Written by: Erik Prinsen, Corien Nikamp, Nerrolyn Ramstrand
Ever since Muybridge studied walking by making a series of photographs, gait analysis has become widely available to study walking. Instrumented gait analysis in particular has been essential in increasing our understanding of how individuals regain walking function after a stroke or amputation. It has also been used to quantify how we can influence walking ability with technology. Despite its wide application, there is no consensus on the best way to conduct an instrumented gait analysis, nor how to present its results. While the majority of trials have investigated straight-line overground walking, one may also question whether this is the most clinically relevant environment. So, are we measuring walking in the right way? This question is the main topic of a symposium that is organized by dr. Corien Nikamp and dr. Erik Prinsen from Roessingh Research and Development in Enschede, the Netherlands, together with Prof. dr. Nerrolyn Ramstrand from Jönköping University, Jönköping, Sweden. This symposium is part of the World Congress of the International Society of Prosthetic and Orthotics to be held from 24-27 April in Guadalajara, Mexico. In this blog, we are offering a sneak peek into the contents of this symposium.
When performing an instrumented gait analysis, many choices must be made. Which variables are of interest for my specific case? How much data am I going to collect? How am I going to present the data? These questions will be tackled during the symposium.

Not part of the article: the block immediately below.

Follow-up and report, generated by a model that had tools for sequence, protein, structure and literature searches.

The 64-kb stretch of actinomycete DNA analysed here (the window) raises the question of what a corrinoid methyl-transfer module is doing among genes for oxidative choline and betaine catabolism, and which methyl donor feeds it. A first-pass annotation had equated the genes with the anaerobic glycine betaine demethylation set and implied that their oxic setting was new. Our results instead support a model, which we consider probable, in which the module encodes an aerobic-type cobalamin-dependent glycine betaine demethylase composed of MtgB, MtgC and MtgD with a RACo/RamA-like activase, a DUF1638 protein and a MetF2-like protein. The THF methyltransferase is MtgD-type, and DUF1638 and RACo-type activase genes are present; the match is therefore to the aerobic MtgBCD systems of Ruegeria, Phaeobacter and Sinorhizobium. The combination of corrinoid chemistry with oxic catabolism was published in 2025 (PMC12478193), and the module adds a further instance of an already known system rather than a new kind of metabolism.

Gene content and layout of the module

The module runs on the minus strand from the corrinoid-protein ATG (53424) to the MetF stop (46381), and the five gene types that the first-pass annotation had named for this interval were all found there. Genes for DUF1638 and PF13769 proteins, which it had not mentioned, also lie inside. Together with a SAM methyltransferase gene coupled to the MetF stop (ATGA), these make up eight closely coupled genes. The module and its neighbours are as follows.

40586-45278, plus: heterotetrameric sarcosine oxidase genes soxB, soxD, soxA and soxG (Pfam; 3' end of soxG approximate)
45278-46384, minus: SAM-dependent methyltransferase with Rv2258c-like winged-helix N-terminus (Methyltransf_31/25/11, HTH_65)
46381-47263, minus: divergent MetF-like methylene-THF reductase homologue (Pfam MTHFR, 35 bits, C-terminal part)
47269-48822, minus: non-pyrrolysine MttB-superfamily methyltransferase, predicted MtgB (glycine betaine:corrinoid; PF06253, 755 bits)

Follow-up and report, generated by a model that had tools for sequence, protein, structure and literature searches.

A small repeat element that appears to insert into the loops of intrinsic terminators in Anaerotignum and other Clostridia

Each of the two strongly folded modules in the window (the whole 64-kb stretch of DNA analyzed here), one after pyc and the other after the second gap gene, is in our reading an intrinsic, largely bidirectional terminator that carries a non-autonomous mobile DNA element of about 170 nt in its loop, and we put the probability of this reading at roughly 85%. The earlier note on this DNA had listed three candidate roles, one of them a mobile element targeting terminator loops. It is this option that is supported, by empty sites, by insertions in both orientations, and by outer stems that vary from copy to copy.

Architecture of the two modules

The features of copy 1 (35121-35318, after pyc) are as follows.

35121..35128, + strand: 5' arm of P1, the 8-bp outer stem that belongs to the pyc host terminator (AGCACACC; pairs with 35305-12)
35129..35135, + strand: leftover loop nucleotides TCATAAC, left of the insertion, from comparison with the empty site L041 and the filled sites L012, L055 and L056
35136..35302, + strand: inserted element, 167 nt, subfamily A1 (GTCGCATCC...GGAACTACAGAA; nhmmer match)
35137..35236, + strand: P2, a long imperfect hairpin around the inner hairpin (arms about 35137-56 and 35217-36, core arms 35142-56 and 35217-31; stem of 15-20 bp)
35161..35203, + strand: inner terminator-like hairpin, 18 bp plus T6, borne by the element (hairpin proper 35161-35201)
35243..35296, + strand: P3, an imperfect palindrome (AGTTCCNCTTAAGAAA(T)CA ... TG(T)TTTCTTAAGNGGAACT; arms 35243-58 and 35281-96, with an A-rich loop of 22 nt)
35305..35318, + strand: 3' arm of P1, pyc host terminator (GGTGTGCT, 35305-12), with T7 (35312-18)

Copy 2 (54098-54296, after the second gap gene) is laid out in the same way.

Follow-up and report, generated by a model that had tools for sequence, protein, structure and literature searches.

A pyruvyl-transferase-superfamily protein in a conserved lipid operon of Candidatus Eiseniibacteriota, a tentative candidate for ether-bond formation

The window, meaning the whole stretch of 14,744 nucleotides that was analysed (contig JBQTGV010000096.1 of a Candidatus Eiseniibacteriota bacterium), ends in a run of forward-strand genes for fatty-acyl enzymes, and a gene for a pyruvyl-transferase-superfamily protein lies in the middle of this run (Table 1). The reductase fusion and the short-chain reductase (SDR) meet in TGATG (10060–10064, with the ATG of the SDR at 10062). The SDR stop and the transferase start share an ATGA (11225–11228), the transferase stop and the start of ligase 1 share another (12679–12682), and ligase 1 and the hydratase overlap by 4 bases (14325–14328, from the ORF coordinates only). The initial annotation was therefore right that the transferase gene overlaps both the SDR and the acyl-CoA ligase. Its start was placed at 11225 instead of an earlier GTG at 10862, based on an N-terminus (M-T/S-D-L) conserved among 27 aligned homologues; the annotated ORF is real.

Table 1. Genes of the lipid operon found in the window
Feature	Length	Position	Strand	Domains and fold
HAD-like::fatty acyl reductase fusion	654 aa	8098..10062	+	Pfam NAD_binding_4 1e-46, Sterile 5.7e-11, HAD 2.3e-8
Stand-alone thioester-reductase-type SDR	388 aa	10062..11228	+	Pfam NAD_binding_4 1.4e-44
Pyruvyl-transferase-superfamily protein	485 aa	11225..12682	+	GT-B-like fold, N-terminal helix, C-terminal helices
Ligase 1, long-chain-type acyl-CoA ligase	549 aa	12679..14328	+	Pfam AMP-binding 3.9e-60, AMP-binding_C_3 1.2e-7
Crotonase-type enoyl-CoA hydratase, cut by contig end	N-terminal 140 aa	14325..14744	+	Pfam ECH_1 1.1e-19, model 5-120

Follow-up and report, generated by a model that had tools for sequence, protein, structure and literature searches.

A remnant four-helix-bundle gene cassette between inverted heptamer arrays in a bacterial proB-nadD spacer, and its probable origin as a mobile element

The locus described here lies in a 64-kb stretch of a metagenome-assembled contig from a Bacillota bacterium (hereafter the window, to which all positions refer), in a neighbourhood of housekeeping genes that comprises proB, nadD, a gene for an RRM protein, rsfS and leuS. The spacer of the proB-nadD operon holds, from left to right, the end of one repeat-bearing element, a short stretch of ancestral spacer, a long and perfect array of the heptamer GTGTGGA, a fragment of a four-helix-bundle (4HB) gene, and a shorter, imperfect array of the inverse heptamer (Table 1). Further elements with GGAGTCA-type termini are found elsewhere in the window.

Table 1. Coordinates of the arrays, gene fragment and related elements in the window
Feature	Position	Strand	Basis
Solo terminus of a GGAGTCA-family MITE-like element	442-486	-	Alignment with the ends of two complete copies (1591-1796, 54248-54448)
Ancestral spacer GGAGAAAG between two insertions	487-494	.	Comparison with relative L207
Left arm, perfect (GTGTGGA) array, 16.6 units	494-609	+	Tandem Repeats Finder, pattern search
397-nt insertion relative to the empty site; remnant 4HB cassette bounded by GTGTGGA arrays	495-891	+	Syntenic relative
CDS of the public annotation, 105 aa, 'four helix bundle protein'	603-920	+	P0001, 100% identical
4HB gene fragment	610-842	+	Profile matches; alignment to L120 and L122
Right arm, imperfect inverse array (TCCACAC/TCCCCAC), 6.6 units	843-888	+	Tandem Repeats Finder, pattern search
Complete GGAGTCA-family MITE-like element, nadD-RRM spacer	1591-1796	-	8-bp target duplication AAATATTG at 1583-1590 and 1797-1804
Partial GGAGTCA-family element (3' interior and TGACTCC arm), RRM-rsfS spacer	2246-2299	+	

How much data am I going to collect?
While there has been research investigating differences between biomechanical models, few studies have investigated the influence of the number of steps that are included in the analysis. This notion is not new, as Zahedi et al. in their 1987 paper in Prosthetic and Orthotics International already concluded that “it is first necessary to quantify the degree of repeatability due to the method of measurement and step to step variation, before attempting biomechanical comparison.” To our knowledge, however, step-to-step variation has not been studied in individuals with an amputation.
Therefore, Roessingh Research and Development conducted pilot experiments in which we asked three individuals with a transfemoral amputation to come to our lab five times while we collected around 200 strides using instrumented gait analysis. This allowed us to compare variability of gait within a measurement session but also between measurement sessions. Results of this pilot study showed that including a limited number of steps (up to 20 steps) can lead to differences up to 10% in walking speed when comparing across sessions. It also showed that during a measurement session, individuals tend to start at a higher walking speed which levels off towards the end of a session. This pilot study gave indications that the gait pattern of individuals with an amputation is more variable than we initially thought. It also suggests that we may need to include more strides than is common practice at this moment, or at least be aware of the potential risks of analyzing limited number of steps. During the symposium we will delve into the results in much more detail and open the floor to discuss experiences of other researchers.
How am I going to present the data?